Why Rescuing a Bird Can Be So Hard

Why Rescuing a Bird Can Be So Hard

Last Updated on by Catherine Tobsing

Yesterday (Friday 3/20/2020) Catherine answered a call from “Wanda”.

2-1/2 years ago we rescued Keto which was an 800-mile adventure.

Last month we rescued Chili from Crown Pt IN, 6 miles away.

Wanda had been hired to clear an abandoned home.

Not only were the contents left behind, but 3 dogs and a cockatiel awaited new destinies.

She was to be done clearing the small single family home by Monday, and had rehomed 2 of 3 dogs but the tiel needed a forever home. 

Someone was coming for the third dog on Saturday.

The bird was 3 miles away in our hometown of Lowell, Indiana.

I grabbed 1 of our stainless travel cages and a big birdie (baby) blanket.

After working through the whole wrong address thing I saw Wanda waiting at the end of the driveway in front of the yellow-sided house, which was dark.

Editors note: I don’t know if the house had heat. Endnote

I asked to be invited in for cage migration in an enclosed area – we like bathrooms because they are small).

Wanda replied: “No, the stench is too great.”

I asked: Can I give you my cage and have you do the transfer?”

“No, I can’t handle the bird, I’ll bring him out” Wanda offered.

Filthy cockatiel cage in garbage

The picture (above) was the cage I was handed, with “Barney” I learned.

Wanda called out as I placed the cage in our Escape (lined with a tarp for moments like these) “Take care of him!”

My retort was “He just won the lottery, take care and stay healthy”.

Barney and I were home 8 minutes later.

Note: Because I’m running late on some other projects, I unapologetically am offering unedited videos.

Travel cage from car to new forever (home) cage migration (all our birds have at least 3 cages each.)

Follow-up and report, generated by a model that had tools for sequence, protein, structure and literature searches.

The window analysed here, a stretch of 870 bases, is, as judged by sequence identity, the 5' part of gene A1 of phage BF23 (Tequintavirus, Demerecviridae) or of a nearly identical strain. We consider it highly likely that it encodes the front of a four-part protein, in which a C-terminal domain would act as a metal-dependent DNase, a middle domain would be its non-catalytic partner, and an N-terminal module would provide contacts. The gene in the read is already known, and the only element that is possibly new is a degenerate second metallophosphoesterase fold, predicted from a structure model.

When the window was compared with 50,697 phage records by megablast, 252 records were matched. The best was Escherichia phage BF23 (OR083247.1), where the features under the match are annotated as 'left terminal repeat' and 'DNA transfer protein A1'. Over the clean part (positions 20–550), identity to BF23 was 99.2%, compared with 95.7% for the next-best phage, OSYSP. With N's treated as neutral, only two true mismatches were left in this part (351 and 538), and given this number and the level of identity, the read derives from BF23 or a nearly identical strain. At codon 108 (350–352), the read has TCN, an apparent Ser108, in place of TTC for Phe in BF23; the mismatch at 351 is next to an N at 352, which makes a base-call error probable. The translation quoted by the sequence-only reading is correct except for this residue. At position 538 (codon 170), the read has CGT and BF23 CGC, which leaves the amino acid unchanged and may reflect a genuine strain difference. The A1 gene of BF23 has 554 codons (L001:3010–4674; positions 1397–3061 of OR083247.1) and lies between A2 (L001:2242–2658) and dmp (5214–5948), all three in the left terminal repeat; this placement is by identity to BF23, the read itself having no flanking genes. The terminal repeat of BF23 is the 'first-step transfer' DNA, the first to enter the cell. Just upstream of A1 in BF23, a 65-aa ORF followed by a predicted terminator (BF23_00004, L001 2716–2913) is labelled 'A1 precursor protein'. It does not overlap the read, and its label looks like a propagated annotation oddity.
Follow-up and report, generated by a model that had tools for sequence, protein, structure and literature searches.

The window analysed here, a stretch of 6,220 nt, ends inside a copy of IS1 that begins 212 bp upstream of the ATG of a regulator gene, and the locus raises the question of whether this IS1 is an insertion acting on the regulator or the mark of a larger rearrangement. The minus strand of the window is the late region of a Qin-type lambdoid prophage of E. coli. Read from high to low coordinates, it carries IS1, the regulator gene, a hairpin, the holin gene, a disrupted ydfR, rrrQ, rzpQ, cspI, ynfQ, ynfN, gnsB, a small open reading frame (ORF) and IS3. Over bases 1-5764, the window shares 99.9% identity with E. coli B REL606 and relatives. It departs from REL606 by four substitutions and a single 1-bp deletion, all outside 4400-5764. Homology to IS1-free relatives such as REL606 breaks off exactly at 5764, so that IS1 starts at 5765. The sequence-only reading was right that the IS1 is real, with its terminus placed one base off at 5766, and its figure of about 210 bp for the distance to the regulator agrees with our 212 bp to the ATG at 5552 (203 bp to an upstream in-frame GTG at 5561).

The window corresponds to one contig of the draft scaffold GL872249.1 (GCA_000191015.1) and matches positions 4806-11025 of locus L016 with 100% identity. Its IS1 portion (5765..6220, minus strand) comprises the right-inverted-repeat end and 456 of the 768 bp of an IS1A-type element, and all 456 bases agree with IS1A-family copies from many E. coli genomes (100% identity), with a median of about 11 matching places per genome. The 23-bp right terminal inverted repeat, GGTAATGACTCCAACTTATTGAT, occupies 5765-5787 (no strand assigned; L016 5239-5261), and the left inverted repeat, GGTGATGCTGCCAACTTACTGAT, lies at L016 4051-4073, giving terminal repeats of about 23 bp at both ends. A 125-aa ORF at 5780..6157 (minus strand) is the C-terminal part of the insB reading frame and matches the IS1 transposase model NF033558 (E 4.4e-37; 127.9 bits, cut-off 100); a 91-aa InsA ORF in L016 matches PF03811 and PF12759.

No selfie yet with each of us because we’re letting him slowly adjust.

After migration to the travel carrier, coming out of
the car, one more migration into his forever home

When discussing the possibility of rehoming, we let 2 factors lead us to keep him.

File under “Here’s your sign.” (Bill Engvall)

1) The bird was living in our neck of the woods.

2) Barney was Catherine’s father’s name (now deceased).

Always Trust Karma Fast Forward ~ September 2022

Room with 4 birdcages housing from left-to-right African ringneck _ Qauiker- 8 budgies - grey cockatiel

Room with 4 birdcages housing from left-to-right African ringneck –
Quaker- 8 budgies – grey cockatiel “Barney”, his spiritually given name
(not in those words) per the bird’s history provided by Wanda.

This Post Has 2 Comments

  1. I really loved seeing and hearing your rescue account of Barney. Hard to believe he survived at all in that filthy cage but his life is just about to begin under your care for sure. I have taken your advice many times for my parakeets. Many years ago I had 2 cockatiels and they bred several clutches which I hand fed. Now I have the parakeets which I can’t let free as I have 5 dogs. But they are in a large cage and are happy and do get to fly a bit. I love the sound of their chattering. They are all rescues….

    I am president of a small animal rescue here in Crested Butte, Co and much of my day is involved in rescuing dogs and cats which means I have 5 rescues. You know how that goes. Rita

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